Anonymous said...

Very interesting. It sounds like an old fairy tale mixed up with the story of Job.

As usual, I love how you write about it. I also love how you describe the whole movie-blaming spiral.

Oh, yeah, I know that one. My favorite is when I will put something in our queue solely because my true love has said during a trailer we've caught in a movie theatre that he'd like to see it. Usually what has also happened is that he's made a big pouting deal of the fact that I've said I don't want to see it because it looks like painful crap. Then, when the movie comes to our house, he is somehow unavailable and unavailable and unavailable to watch it with me 'til finally I tell him I'm going to watch it without him because we really need to send it back so that other things we (I) want to see more can come along and replace it (but I can't just send it back unwatched, 'cause that's a waste, like half-eating a meal in a restaurant and not getting a doggie bag). And then he capitulates to this plan with no argument, but with a funny tone and a look on his face that says, "Sucker! If that's how you want to throw away your time and consciousness, well enjoy yourself; I have better things to do." And then I watch it. And it sucks, like, to the point of being insulting. Like I knew it would. And I'm mad -- at him. And I never wanted to watch it in the first place.

(How to Lose a Guy in 10 Days, I'm looking at you.)

Fred Garber said...

Patry, thanks for the review! I am going to go to get the DVD and watch it. This thing about welcoming the stranger resonates with me. To me that is what this whole immigration issue boils down to....

Brenda Clews said...

I've seen reviews for Ushpizin, and now it's back on my list... though it sounds like it raises many questions on the issue of belief and trust. That belief does not necessarily bestow any implicit safety on the believer. It's like, believe, but be wary. Whereas, if one believes then one wants to believe that the strength of the purity of that belief alone is enough to bestow safety on the believer. Only con men, and worse, can have a hey day with the naivete of those beliefs. I have to see the film to see if there is a way to reconcile the child-like, open, trusting quality of total belief, which is beautiful surely, with safety.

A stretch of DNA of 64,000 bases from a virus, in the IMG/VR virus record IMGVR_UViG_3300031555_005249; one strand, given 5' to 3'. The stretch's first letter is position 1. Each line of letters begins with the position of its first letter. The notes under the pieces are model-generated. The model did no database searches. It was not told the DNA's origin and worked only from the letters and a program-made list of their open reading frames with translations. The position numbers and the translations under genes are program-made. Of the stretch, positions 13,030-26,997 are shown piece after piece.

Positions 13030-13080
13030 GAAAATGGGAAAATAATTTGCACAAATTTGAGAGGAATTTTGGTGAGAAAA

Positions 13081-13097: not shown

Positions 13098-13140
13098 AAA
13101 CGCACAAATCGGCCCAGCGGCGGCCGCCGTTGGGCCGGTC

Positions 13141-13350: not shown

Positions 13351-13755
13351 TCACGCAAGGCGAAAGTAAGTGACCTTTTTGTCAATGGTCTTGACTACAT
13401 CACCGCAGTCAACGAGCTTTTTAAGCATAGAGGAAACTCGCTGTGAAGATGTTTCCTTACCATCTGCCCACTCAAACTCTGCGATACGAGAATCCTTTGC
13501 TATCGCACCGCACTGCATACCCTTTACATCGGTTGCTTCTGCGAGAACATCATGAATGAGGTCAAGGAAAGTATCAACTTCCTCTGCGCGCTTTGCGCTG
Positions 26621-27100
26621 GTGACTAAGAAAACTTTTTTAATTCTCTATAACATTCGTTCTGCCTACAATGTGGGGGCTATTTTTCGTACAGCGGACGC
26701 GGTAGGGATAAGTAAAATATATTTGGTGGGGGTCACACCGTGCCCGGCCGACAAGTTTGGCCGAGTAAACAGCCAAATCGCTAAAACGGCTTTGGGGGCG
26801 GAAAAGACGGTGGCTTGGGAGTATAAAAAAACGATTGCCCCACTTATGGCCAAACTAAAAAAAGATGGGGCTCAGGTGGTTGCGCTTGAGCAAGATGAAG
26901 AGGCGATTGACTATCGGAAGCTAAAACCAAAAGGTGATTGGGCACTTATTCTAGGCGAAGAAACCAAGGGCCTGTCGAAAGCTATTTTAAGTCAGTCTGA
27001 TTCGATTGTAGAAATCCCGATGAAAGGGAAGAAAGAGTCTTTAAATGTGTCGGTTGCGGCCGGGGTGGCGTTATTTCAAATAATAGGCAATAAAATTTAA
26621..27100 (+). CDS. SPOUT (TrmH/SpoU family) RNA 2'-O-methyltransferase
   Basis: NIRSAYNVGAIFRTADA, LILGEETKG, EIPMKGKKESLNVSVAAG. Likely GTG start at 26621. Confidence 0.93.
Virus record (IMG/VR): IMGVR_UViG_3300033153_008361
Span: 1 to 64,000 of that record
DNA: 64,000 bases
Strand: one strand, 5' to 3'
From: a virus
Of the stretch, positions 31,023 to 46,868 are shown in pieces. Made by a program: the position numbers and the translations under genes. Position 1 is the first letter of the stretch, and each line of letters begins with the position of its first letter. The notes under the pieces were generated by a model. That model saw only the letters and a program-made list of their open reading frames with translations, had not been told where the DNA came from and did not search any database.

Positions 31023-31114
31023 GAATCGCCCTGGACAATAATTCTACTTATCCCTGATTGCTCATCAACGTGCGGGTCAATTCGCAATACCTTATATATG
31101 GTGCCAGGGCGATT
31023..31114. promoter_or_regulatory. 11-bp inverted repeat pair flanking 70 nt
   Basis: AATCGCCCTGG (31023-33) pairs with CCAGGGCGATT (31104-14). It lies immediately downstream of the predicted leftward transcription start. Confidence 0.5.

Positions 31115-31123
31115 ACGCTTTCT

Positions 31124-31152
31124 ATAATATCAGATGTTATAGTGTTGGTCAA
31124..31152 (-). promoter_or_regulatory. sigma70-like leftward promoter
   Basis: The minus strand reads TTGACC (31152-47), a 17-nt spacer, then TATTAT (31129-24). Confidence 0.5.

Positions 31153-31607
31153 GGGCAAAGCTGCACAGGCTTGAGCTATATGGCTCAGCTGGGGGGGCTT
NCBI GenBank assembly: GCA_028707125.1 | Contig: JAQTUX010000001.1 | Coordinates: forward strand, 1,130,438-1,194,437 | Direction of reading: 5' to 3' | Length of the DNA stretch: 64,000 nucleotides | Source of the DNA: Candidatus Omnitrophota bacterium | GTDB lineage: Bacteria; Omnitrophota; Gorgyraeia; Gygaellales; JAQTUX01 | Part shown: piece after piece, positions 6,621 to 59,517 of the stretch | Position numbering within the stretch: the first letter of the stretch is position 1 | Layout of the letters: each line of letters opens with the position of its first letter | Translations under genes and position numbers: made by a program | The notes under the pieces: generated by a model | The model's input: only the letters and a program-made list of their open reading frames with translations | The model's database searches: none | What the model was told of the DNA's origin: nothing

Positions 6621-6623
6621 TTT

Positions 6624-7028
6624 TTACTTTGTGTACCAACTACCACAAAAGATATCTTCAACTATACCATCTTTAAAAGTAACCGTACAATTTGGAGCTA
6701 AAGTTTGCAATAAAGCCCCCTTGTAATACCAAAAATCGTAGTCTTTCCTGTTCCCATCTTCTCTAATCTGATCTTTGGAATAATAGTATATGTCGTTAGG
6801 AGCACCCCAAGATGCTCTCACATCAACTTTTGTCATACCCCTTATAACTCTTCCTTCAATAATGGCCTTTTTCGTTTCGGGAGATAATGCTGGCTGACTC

Interesting questions, Patry!

Melly said...

Thanks Patry. I have to admit that I stopped reading half way through, afraid of spoilers (I still intend to watch this), but your review confirmed what my inlaws said.

Mary said...

This is a movie review that is much more than a movie review. Your second sentence is so true. And I would add a comparison to an unwritten blog post as well ... :-)

It sounds good. I haven't heard of the movie and I will have to do some searching to see if it is available over here. That kind of openness and generosity driven by belief that you describe .... is so infinitely alluring and yet so terrifying (to me anyway) at the same time. As regards safety, perhaps when you believe at that level, safety isn't an issue any longer? You rejoice no matter what? I don't know.

Anyway, thank you for the pointer, Patry.

Patry Francis said...

sara: You've definitely got the movie-blame game down pitch perfect! Your version was hilarious--and dead-on. I've sat through my share of How to Lose a Guy...type movies for the same reason. But now I walk away more often--like I did with the French film which didn't pull me in.

fred: I wasn't really aware of what the Sukkot was before I saw this film. It is a temporary shelter where the Orthodox celebrate the holiday to remind themselves of the temporary, makeshift nature of life. In that sense, we are all strangers and visitors here. I'll be interested to read your reaction.

Brenda:You're right, Brenda. It's a difficult balance. One thing I admired about the film is that the characters acknowledged the challenge--and their own ambivalence. At one point, the wife angrily accuses her husband (paraphrasing badly here): "I could have been killed by these guys!"